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Triclosan And Testosterone

April 4th, 2017

Triclosan And Testosterone

Triclosan And Testosterone

Triclosan is a compound with anti-bacterial and anti-fungal properties, and is commonly found in personal care items such as soaps, deodorants, shampoos, shaving gels, hand sanitizers, etc. In 2010, European union banned the use of this compound due to its carcinogenic and endocrine disrupting properties. Few years later, Triclosan was also banned in state of Minnesota. However, it is still being used in rest of the United States. In fact, more than 1 billion dollars are spent on Triclosan and its related compound triclocarban containing products on annual basis.

Triclosan And Testosterone – What’s The Link?

In year 1994, Triclosan was declared as a safe compound by FDA. But, recently numerous studies have indicated it to be carcinogenic and a potent disruptor of endocrine system. All those researches persuaded FDA to re-evaluate the compound in year 2013. However, their re-evaluation is still under process though, based on all evidences it should be banned already.

As per one research, Triclosan significantly reduces testosterone production and increases liver enzymes. Moreover, it can completely destroy the thyroid hormones.

Another research study indicated that it not only decreases testosterone but it also lowers the levels of follicle stimulating hormone (FSH) and luteinizing hormone (LH). It also decreases synthesis of cholesterol and pregnenolone.

An in – vitro study suggested that this compound inhibits transcriptional activity of testosterone and this inhibition was found to be dose-dependent i.e. greater the concentration of this compound, more will be the inhibition.


What Causes Low Testosterone Levels? ImageTo understand the mechanism behind negative impact of Triclosan on testosterone, researchers conducted an experiment on isolated testicular leydig cells. All cells were treated with this chemical in different doses and it was found that reduction in testosterone levels was dose dependent. The mechanism is as follows:

  • cAMP (cyclic adenosine monophosphate) is a cellular messenger which triggers enzymatic activity to convert cholesterol into testosterone. This compound reduces the activity of enzyme adenylyl cyclase. This reduction causes drop down of cAMP levels due to which the enzymatic conversion of cholesterol into testosterone gets reduced. Ultimately, testosterone synthesis gets suppressed.
  • Regular use of Triclosan containing products can accumulate enough concentration of Triclosan in our body to induce those drastic effects.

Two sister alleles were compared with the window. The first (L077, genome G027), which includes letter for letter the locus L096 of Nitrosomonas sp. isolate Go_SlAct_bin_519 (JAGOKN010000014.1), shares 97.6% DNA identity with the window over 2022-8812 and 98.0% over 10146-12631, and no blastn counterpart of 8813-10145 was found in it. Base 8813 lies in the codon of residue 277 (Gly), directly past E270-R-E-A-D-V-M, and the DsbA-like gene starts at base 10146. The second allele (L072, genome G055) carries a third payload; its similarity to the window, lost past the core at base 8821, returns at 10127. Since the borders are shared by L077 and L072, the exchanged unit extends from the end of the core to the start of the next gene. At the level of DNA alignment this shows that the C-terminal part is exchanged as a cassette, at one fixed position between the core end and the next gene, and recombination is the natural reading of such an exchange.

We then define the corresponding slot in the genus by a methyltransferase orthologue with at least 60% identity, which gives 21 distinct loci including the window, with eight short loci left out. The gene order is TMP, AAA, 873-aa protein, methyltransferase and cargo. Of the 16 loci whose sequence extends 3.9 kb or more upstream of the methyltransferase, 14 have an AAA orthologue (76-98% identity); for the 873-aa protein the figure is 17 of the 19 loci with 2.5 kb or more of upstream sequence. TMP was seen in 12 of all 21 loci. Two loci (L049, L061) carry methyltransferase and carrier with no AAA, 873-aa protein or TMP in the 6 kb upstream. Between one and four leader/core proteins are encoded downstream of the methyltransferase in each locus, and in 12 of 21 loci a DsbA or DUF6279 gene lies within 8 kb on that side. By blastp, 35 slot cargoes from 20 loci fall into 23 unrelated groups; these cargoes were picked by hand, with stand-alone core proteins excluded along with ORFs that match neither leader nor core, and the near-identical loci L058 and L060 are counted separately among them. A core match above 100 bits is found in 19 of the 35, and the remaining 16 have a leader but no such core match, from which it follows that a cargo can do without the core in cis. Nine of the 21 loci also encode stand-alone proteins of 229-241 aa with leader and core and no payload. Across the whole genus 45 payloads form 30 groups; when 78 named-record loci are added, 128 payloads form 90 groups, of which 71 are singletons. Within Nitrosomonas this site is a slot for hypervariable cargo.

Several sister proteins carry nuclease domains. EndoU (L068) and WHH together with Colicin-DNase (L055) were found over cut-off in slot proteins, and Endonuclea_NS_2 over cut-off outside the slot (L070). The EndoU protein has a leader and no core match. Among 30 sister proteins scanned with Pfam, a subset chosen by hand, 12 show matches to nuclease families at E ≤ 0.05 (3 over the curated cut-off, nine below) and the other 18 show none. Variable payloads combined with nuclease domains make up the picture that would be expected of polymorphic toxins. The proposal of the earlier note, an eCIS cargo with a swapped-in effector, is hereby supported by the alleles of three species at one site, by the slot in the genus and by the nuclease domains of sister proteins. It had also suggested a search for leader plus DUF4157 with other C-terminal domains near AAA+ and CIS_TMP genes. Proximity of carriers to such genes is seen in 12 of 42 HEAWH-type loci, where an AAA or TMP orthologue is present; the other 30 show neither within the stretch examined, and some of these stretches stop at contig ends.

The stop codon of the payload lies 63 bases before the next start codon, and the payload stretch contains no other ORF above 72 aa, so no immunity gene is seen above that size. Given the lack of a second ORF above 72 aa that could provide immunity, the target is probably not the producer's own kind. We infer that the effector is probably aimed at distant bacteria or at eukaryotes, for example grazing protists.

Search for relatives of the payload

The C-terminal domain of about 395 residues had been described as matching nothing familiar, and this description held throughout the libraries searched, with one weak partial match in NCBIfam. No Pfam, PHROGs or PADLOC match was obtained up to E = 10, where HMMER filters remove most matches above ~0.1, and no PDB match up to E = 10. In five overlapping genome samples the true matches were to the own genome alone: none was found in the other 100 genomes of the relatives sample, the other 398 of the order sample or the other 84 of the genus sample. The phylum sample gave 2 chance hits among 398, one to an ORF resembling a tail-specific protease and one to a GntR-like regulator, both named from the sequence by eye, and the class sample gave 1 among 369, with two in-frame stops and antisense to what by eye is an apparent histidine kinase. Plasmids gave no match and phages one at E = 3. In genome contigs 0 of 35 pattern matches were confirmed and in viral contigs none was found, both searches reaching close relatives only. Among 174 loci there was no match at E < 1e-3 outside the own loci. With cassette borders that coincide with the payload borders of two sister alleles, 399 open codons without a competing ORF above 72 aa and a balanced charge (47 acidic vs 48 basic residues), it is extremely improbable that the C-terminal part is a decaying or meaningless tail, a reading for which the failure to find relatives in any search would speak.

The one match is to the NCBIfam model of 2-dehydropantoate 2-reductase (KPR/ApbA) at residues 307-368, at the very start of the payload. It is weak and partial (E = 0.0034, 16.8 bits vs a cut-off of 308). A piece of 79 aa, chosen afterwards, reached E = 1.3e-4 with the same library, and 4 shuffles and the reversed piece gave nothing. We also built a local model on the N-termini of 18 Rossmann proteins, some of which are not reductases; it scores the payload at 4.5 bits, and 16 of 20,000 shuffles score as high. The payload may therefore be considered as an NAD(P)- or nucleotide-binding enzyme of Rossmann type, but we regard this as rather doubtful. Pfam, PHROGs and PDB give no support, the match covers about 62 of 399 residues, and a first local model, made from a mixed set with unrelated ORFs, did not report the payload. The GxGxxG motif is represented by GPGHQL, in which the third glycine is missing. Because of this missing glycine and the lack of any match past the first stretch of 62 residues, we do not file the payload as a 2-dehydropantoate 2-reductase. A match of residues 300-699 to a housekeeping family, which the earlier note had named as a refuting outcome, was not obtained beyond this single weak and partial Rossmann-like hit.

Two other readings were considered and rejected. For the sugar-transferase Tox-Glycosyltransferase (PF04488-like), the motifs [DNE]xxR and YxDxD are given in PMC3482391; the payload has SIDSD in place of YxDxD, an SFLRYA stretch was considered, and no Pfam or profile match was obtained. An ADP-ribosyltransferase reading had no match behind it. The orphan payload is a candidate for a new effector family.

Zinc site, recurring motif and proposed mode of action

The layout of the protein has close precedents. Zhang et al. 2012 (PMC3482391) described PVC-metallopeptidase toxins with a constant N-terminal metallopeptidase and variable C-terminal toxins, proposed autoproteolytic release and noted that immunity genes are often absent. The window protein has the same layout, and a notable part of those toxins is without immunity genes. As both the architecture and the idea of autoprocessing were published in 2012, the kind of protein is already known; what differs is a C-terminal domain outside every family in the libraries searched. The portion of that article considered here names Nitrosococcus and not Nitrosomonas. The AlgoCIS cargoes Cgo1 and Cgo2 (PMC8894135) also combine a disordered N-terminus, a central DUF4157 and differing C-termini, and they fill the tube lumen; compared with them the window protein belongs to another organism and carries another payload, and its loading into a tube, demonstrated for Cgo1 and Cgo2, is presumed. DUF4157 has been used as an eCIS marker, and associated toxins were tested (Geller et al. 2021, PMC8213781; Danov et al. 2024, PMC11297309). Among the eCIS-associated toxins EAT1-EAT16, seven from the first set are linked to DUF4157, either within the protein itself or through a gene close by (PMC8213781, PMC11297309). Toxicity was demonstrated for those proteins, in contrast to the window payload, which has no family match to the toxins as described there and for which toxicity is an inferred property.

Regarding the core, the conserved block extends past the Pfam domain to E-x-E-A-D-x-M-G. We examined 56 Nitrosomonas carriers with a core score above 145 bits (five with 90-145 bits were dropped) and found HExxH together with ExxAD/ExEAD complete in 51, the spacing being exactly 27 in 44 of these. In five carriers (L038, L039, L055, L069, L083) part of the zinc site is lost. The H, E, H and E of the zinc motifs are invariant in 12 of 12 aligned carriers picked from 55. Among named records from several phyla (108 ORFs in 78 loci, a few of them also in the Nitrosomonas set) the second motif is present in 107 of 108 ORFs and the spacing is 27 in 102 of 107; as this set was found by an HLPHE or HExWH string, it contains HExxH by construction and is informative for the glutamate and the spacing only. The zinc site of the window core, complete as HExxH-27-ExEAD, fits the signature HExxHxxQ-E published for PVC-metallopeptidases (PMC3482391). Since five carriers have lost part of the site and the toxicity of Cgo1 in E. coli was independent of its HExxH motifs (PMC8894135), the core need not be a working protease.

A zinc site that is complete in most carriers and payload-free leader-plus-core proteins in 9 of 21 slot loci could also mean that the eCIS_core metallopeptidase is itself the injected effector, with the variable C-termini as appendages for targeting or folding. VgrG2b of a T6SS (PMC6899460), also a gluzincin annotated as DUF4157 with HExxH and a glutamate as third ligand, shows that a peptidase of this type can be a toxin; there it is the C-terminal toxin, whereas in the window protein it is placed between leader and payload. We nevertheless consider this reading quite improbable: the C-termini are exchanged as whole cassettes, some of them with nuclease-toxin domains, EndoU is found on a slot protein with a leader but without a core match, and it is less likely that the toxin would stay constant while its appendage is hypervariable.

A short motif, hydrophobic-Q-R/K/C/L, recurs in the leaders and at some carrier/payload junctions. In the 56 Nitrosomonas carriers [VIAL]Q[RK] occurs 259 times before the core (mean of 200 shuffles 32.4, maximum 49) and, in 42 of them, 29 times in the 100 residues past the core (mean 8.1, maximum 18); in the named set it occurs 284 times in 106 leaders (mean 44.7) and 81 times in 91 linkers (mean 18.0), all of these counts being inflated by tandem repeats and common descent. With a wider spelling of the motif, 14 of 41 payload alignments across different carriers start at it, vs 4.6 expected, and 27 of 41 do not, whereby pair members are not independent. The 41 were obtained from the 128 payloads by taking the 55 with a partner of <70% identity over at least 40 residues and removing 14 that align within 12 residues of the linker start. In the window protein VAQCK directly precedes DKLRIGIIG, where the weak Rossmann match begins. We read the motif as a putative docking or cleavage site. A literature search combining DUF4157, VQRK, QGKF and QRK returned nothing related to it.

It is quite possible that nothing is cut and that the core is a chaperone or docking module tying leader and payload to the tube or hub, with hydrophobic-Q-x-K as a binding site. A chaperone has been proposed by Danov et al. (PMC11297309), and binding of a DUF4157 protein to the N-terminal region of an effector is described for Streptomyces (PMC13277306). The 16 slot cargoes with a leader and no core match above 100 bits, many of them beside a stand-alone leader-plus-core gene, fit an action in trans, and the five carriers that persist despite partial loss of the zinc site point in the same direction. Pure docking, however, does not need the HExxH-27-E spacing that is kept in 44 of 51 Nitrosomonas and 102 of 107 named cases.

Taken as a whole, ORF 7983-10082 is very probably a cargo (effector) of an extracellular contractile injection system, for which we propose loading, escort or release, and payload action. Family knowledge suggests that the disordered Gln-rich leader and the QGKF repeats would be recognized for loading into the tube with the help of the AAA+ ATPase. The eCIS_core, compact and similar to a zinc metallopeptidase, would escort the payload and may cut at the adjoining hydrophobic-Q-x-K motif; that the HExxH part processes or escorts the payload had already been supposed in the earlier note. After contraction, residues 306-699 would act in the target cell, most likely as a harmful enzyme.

According to the results of a new survey, 75% Americans have Triclosan in their urine.

The Environmental Working Group (EWG) tested 49 people for Triclosan traces out of which 42 were tested positive. Triclosan traces are also found in pregnant women and breast milk, which means most of the babies born in United States are in contact with this nasty chemical from the beginning of their life.

How To Prevent?

Sadly, there isn’t one good reason to use this compound! In fact, it is not even found to have good anti-bacterial properties. The best way to avoid this compound is to get rid of all the “Anti-bacterial” soaps and other products from house. Check if any of the personal care items have Triclosan in it and switch to Triclosan-free products. It is not only restricted to personal care items! It can be found in food and tap water! Therefore, opt for organic and natural products. Moreover, prefer spring or filtered tap water for drinking and cooking purposes.


  • Scinicariello, F., & Buser, M. C. (2016). Serum testosterone concentrations and urinary bisphenol A, benzophenone-3, triclosans, and paraben levels in male and female children and adolescents: NHANES 2011–2012. Environmental Health Perspectives, 124(12), 1898.
  • Wang, C. F., & Tian, Y. (2015). Reproductive endocrine-disrupting effects of triclosans: Population exposure, present evidence and potential mechanisms. Environmental Pollution, 206, 195-201.
  • Mihaich, E., Capdevielle, M., Urbach-Ross, D., & Slezak, B. (2017). Hypothesis-driven weight-of-evidence analysis of endocrine disruption potential: a case study with triclosans. Critical reviews in toxicology, 1-26.

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